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UNESCO HIV and Health Education Clearinghouse

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  1. How students’ perceptions of the school climate influence their choice to upstand, bystand, or Join perpetrators of bullying

    The authors of this article, Silvia Diazgranados Ferráns and Robert Selman, use an emergent framework to explore how the rules of the school culture at different perceived school climates affect early adolescents’ decisions to upstand, bystand, or join the perpetrators when they witness peer aggression and bullying. Through a grounded theory approach, they revisit interview data from twenty-three eighth graders in four middle schools, with the aim of building on previous research and refining their theoretical framework to guide future research on bullying. …

  2. The effect of negative school climate on academic outcomes for LGBT youth and the role of in-school supports

    For many lesbian, gay, bisexual, and transgender (LGBT) youth, intolerance and prejudice make school a hostile and dangerous place. This study examined simultaneously the effects of a negative school climate on achievement and the role that school-based supports—safe school policies, supportive school personnel, and gay–straight alliance (GSA) clubs—may have in offsetting these effects. Data were drawn from a survey of a diverse sample of 5,730 LGBT youths who had attended secondary schools in the United States. …

  3. Skool’s out

    The Skool's Out initiative was aimed at encouraging effective responses to homophobic harassment and violence in and around schools, both public and private, in New South Wales, Australia. The focus was on safety and security in the school environment for all students, teachers, parents and community members. It was held as part of the 2002 Sydney Gay and Lesbian Mardi Gras and comprised three events: a public Forum, an entry in the Parade and a stall for the Mardi Gras Fair Day. A report and an information card were also produced. …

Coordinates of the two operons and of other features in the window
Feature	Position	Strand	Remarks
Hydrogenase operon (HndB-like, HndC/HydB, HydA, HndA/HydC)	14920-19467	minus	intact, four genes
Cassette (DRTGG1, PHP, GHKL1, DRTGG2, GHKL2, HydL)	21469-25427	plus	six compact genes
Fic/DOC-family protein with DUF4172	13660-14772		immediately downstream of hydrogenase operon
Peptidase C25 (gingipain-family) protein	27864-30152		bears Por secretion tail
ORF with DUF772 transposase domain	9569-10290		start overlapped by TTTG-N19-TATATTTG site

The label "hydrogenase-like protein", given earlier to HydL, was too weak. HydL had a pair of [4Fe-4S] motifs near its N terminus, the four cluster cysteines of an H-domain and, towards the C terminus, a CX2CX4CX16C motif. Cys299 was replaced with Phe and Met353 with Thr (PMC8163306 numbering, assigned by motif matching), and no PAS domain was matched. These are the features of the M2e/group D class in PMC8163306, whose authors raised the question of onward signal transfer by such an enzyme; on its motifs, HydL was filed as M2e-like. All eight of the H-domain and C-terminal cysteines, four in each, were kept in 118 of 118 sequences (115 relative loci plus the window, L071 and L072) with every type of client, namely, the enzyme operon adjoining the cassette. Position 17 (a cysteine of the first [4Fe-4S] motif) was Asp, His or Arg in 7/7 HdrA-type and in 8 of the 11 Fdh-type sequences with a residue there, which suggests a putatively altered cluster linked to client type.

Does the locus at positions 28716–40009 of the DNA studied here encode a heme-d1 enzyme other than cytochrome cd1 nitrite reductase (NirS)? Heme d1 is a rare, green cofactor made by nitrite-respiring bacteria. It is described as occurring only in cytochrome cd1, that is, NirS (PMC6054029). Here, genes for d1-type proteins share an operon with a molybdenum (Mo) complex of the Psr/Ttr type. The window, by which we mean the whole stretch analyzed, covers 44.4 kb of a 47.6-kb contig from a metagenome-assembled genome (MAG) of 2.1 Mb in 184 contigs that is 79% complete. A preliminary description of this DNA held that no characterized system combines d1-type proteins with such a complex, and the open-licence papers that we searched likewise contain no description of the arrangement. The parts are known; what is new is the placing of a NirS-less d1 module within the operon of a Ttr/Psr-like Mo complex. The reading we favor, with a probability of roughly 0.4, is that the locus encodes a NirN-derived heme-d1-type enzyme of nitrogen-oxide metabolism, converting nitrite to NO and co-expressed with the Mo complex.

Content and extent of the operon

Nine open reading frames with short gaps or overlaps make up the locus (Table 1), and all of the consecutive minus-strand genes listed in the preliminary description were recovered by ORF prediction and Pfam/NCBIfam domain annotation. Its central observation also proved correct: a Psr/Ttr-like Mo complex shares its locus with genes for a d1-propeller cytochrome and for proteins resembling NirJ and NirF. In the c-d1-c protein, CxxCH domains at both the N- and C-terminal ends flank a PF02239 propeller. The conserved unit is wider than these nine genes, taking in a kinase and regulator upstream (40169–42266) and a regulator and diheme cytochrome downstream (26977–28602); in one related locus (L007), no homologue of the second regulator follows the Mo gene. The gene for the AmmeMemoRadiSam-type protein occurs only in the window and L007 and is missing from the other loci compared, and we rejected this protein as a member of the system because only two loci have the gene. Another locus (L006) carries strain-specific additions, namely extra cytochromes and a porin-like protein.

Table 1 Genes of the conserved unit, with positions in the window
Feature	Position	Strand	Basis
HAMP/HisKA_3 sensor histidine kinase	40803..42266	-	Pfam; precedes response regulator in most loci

4. Empowering lesbian, gay, bisexual, and transgender youth: lessons learned from a Safe Schools Summit

    The bullying of lesbian, gay, bisexual, and transgender (LGBT) youth in schools is a significant problem in the United States. This study examined responses of youth participants at a statewide Safe Schools Summit to a survey of their experiences with school-based violence, harassment, and discrimination, and of the effects of their attendance at the Summit. Quantitative analyses found that 92% of respondents felt "more empowered" following participation in the Summit. …

  5. Breaking a spell of silence: the Tasmanian evaluation of the 2006 Pride and Prejudice program

    An evaluation of the Pride & Prejudice program, which ran in three Tasmanian schools in 2006, suggests that students who completed the program had more positive attitudes towards gay men and lesbians. This finding parallels an earlier evaluation of the same anti-homophobia program undertaken in Victoria. The evaluation leads to a discussion about the deeper and often hidden purposes of schooling, and about the discursive formations of heteronormativity, which provide a heterosexist basis for ‘curriculum’. …

  6. Going beyond gay-straight alliances to make schools safe for lesbian, gay, bisexual and transgender students

    Currently, the establishment of Gay-Straight Alliances (GSA) in schools is one of the most visible and widely adopted strategies for calling attention to and addressing the needs of LGBT students. …

  7. Heterosexism in high school and victimization among lesbian, gay, bisexual and questioning students

    This study examined relationships between perceived heterosexism in high school policies and programs, social environments, and victimization rates among lesbian, gay, bisexual and questioning (LGBQ) students. Secondary analyses of Internet survey data from a large cohort of LGBQ students (N = 2037; 76% male, 82% White; mean age = 16.07; 56% gay or lesbian; 28% bisexual; 16% questioning) yielded moderate correlations between perceptions of non-discrimination and harassment policies, inclusive programs, and the prevalence and tolerance of anti-LGBQ harassment. …